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  •  » What is MP3 boss actually doing during the scanning process?

#1 2010-07-03 12:01:04

tunesmanca
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Registered: 2011-06-05
Posts: 5

What is MP3 boss actually doing during the scanning process?

I have started off with a blank data file and am trying to scan in my first CD of 167 files.

MP3 boss indicates that it has found the 167 files. It presumably has brought in the information extracted from the files' MP3 tags. I get that. A status bar at the bottom of the screen keeps indicating that it is processing files. The number of files keeps on increasing, actually far exceeding the physical number of files I have.  What else is it doing that the number of processed files keeps on increasing? I stopped the scan after ten minutes once it reached 1000 files. Upon doing that there was no information whatsoever entered into the database.

I made one more attempt and left things running. In the time I've taken to write this there are now some 16,000 files showing in that status bar at the bottom of the screen. It has now run for over twenty minutes.

Do I presume correctly that this is the music IP function? I did think I had turned that off in configuration. I do like the idea of that function but am concerned about how long that likely will take.

This is taking far longer to scan in files than the earlier versions of the program did. How long should the scanning of one disk take? I'm afraid I don't have the luxury of waiting an inordinate amount of time for one CD to scan in. I do have some 400 discs altogether to go through.

If I can understand just how this is designed to behave I may be able to work around things. I either need to add other disks to the 400 I have or start over from scratch. At this point either option looks prohibitive timewise. How do I get MP3 Boss to just scan a disk straight in without engaging in all the other gymnastics? Like the earlier versions did?

As always, thank you ever so much for your time and consideration. You build so much great functionality into the program that sometimes it takes a while to figure out. Cheers.

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#2 2010-07-03 12:45:33

mccaffjt
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Registered: 2011-06-05
Posts: 1295
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Re: What is MP3 boss actually doing during the scanning process?

Did you select "Scan Selected Directories" (with only the CD drive selected), or did you select "Scan ALL drives"?

If you selected "Scan ALL drives" then Mp3-Boss will scan all hard drives in addition.

Is it possible that there are a lot of non-mp3 files on that CD?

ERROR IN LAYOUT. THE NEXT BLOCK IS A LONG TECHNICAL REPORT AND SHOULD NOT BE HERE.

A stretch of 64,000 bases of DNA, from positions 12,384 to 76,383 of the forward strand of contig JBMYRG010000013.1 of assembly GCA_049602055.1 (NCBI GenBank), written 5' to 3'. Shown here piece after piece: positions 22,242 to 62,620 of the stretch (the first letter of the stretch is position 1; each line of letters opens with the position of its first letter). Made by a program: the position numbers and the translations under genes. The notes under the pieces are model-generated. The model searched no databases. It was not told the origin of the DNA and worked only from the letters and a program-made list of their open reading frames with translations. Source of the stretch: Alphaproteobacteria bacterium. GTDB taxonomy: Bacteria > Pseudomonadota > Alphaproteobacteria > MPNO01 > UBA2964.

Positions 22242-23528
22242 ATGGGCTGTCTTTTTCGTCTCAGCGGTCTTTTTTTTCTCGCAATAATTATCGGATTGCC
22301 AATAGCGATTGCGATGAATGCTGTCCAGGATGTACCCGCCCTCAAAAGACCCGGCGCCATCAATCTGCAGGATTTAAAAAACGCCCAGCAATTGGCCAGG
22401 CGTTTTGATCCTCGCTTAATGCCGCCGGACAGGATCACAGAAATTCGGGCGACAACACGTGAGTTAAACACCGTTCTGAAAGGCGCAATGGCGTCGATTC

It has been awhile since I've tested CD-only scanning ... I'll take a look and see if it works OK here.

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#3 2010-07-03 12:56:11

mccaffjt
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Registered: 2011-06-05
Posts: 1295
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Re: What is MP3 boss actually doing during the scanning process?

Just completed a scan of an mp3 CD with 200 files -- it required 8-9 minutes to complete.

Do you have an MP3BOSS.LOG file?  Any unusual filenames (like "...this is the name.mp3"?)

It could be a specific filename is the problem.

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#4 2010-07-03 19:23:27

tunesmanca
New member
Registered: 2011-06-05
Posts: 5

Re: What is MP3 boss actually doing during the scanning process?

I definitely had only the CD drive selected.

The MP3Boss.log file doesn't flag any unusual file names. It was finding a number of file errors when I was allowing it to fully run, though. I don't quite understand why it was finding errors; the names all looked perfectly fine to my eyes.

The thing I am wondering about, John, is just what is the program doing when it continues to process so many hundreds of files over and above what you scanned. I asked it to scan 167 files and it did. So what else is it trying to do once it has done that? I last stopped the "scan" when it showed it was processing upward of 6000 files.

The CD in question has a grand total of 177 files. Other than the music files, there are a few images and text files.

Thanks a lot for responding so quickly.

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#5 2010-07-04 00:37:42

mccaffjt
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Registered: 2011-06-05
Posts: 1295
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Re: What is MP3 boss actually doing during the scanning process?